In the past, the men of earth made a ritual of gathering around a lively fire every night. They brought out their books on poetry and dawdled upon every verse, lingered upon the imagery, marvelled upon the poet’s genius, while having a splendid time together. As time passed, they eventually created what is now known as a university and decided to introduce a five-month elective in poetry. The dawdling, lingering and marvelling stopped. Cramming, breezing and regurgitating began.
Indeed, turning literature into an academic discipline taxes the wholeness of a literary experience. It certainly does one happy to see that teaching literature is now given due importance in most O/A Level schools across the country. However, relegating the great works of drama, prose, and poetry to the mundane rules of the classroom prevents a reader from gaining the maximum out of the great works.
When reading great works, ones grasp on language strengthens. One begins to use correct language instinctively without soliciting the wisdom of Google, and besides, the careful reading of descriptions adds new adjectives to the vocabulary. Thus, overall communication abilities improve.
Secondly, the reading of literature can instill a remarkable sensitivity in a person. With regular reading, one becomes accustomed to the constant engagement of all these senses. In real life, this practice enables one to pierce the surface of different situations and grasp the timid underplays of words, tones and facial expressions.
Though the focus on literature is certainly heartening to observe within schools and universities, this field of study is dealt with most distastefully. At both the school and university levels, students are taught literature just as they are taught a course in economics or mathematics: volumes of poetry are assigned to be read within days, short stories are to be written and submitted by a certain date and in-class creative writing is to be completed within an assigned time. The typical conduct of the classroom makes light of dense works of Shakespeare or Eliot. There is little time to stop and savour a single author’s creativity since there is an overwhelming list of texts to be covered. The reading of great works thus turns into a ponderous chore instead of a delightful diversion. It actually begins to work the other way round by making students detest literature. As Vladimir Nabakov, the creator of the marvellous Lolita, beautifully puts it: “Literature, real literature, must not be gulped down like some potion … Literature must be taken and broken to bits, pulled apart, squashed … And only then, its rare flavour will be appreciated at its true worth.”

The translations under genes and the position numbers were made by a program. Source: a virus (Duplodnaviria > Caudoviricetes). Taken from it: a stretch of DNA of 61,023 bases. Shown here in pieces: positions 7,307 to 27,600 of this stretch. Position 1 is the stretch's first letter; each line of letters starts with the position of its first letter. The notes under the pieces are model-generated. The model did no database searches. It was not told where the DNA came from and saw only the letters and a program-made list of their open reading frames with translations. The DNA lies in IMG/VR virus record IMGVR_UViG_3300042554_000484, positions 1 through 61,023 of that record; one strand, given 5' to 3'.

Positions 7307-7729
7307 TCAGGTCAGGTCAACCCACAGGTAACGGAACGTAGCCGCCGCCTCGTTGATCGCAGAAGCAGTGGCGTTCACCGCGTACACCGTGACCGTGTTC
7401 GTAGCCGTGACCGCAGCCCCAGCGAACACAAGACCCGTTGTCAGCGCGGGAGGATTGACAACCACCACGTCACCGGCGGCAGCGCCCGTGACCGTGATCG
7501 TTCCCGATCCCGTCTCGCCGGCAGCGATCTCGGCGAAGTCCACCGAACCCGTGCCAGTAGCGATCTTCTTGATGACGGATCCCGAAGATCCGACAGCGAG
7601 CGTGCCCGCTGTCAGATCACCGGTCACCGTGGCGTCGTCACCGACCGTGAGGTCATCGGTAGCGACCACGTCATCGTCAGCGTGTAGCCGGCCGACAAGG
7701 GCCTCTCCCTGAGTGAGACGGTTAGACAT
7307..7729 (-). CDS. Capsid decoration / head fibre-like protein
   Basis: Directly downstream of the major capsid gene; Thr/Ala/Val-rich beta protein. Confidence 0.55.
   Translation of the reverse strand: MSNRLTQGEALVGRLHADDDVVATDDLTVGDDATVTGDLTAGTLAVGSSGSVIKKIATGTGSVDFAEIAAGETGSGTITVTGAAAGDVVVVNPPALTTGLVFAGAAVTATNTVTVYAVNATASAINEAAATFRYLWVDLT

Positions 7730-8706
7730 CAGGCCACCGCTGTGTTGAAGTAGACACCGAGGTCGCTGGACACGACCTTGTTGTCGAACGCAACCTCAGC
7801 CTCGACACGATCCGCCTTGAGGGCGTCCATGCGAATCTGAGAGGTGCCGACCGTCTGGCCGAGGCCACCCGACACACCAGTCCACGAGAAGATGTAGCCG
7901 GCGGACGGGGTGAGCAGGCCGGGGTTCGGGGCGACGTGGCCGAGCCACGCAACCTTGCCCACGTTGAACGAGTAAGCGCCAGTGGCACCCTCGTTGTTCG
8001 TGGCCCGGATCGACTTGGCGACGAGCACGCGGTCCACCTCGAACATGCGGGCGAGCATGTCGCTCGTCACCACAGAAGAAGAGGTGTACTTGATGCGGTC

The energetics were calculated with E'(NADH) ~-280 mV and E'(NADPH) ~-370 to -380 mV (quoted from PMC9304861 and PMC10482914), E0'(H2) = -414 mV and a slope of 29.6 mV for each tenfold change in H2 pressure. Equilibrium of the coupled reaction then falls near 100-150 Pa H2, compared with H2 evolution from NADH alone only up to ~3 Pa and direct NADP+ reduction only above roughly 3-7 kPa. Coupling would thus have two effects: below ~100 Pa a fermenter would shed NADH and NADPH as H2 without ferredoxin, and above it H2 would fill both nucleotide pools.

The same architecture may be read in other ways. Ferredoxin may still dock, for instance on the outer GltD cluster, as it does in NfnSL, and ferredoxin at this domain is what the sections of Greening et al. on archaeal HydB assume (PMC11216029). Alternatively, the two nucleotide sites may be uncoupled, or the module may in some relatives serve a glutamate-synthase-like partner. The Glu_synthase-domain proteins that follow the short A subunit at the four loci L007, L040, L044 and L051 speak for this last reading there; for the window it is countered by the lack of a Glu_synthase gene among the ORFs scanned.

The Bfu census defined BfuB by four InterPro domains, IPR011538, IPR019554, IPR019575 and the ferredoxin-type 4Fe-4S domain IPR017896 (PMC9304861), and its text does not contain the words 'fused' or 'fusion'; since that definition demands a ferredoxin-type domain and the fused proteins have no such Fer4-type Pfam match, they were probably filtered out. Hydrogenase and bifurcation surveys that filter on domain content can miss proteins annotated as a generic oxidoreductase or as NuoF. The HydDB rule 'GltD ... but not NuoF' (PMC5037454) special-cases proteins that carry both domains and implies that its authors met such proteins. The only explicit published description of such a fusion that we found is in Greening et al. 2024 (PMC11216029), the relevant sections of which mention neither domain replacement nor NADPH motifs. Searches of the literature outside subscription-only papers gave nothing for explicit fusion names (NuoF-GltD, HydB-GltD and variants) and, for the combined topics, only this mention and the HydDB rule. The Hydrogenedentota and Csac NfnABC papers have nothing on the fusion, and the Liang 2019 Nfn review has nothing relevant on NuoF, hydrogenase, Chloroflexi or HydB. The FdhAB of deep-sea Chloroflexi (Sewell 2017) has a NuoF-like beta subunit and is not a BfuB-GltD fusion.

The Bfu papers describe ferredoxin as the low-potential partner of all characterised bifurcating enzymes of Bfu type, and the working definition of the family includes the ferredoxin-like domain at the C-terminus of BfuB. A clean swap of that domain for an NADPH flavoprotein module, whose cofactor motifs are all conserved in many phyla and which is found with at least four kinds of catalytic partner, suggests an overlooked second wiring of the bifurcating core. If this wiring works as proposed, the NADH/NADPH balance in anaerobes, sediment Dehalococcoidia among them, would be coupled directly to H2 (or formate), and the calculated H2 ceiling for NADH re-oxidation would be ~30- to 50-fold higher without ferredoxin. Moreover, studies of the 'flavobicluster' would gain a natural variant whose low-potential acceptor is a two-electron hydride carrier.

Stories and poems are to be enjoyed, not ‘academised’. Students must be schooled in literature not through competitive examinations, but by impassioned readers and writers who allow interest to develop naturally and for inspiration to fuel and unleash on its own.
Published In The Express Tribune, June 15th, 2012.
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